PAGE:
Valeant Pharmaceuticals (VRX), which had flashed an initial pocket pivot buy point per my discussion last Wednesday in my April 24th report, gave up the ghost today and broke back to the downside. Most bio-techs came under pressure today on rumors that a large bio-tech hedge fund was shutting down and liquidating its positions.
After hours, Facebook (FB) can’t decide if it wants to rally or sell off as I’ve seen it trade as high as 28.68 and as low as 26.56 this afternoon as I write following its after-hours earnings announcement. FB missed earnings estimates by a penny while beating revenue estimates by $20 million. As I write, I see it trading below where it closed today, which is probably not a good sign for the stock. No gap-up, but so far no gap-down. Either way, I’m not interested in the stock here without a clear bottom-fishing pocket pivot or some other valid buy point showing up in the pattern, which sees FB currently holding above its 50-day moving average.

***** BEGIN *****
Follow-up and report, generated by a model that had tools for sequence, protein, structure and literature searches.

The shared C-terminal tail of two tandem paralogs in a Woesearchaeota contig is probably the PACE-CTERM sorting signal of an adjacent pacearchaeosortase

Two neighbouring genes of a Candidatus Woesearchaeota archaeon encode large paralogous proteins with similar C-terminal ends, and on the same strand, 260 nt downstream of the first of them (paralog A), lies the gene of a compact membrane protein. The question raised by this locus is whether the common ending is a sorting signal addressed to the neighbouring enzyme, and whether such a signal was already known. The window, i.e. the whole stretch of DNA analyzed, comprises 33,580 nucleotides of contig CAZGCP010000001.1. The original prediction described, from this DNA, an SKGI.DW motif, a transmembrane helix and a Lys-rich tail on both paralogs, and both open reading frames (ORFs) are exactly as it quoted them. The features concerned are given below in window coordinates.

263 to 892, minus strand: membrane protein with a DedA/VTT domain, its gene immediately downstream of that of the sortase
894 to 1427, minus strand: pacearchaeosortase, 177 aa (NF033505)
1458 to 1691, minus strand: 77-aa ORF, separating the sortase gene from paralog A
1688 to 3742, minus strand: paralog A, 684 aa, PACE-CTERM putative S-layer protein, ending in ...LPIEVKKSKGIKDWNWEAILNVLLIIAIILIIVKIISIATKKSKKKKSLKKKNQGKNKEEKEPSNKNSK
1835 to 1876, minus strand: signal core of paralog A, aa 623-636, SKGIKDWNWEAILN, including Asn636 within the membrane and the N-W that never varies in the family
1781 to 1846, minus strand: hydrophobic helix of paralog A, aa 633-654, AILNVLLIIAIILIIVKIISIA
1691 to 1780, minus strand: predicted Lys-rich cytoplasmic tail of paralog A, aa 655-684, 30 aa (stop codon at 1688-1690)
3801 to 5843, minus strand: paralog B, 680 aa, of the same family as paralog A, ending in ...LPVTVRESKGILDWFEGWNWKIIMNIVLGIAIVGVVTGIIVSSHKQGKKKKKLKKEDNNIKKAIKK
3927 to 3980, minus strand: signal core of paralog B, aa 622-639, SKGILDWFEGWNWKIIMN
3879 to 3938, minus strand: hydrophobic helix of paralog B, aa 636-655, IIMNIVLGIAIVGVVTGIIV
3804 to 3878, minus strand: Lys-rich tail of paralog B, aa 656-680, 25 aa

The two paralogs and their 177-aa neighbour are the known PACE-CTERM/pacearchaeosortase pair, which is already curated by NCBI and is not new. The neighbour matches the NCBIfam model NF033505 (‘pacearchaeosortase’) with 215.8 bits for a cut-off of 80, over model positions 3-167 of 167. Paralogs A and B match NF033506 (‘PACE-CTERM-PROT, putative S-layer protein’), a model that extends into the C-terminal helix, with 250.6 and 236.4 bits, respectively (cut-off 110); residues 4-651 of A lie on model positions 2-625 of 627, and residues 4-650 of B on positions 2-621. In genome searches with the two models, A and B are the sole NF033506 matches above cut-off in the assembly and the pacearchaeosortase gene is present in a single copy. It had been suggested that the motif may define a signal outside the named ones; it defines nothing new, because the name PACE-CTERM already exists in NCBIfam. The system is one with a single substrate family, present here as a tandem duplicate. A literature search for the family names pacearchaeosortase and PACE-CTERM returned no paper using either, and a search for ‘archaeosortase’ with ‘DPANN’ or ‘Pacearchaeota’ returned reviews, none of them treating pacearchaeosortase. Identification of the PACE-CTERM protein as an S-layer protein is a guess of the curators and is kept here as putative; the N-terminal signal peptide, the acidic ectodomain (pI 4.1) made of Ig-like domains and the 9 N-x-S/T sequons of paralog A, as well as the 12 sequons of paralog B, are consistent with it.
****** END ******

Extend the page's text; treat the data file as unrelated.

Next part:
Overall I’d have to say I see very little in the way of actionable buy points outside of the DDD I discussed earlier in this report. The question of whether I would buy DDD is a different matter altogether, however. While it seemed like a good trade off the lows yesterday for a 10%-plus pop going into the close, it is not clear to me that this market environment is going to provide much in the way of sustainable trends. Thus my general view is to play lightly, play quickly, or some combination of the two. I do not care for the broadening, volatile action we are seeing in the major market indexes, as that strikes me as potentially negative more so than new highs are constructive. Meanwhile I’m not necessarily in the mood to start shorting stocks aggressively, although this is a developing situation, and I did discuss the situations in Amazon.com (AMZN) and Qualcomm (QCOM), not shown here but which you can review in my weekend report of April 28th, as potential late-stage, failed-base, short-sale set-ups on rallies up into their 200-day moving averages.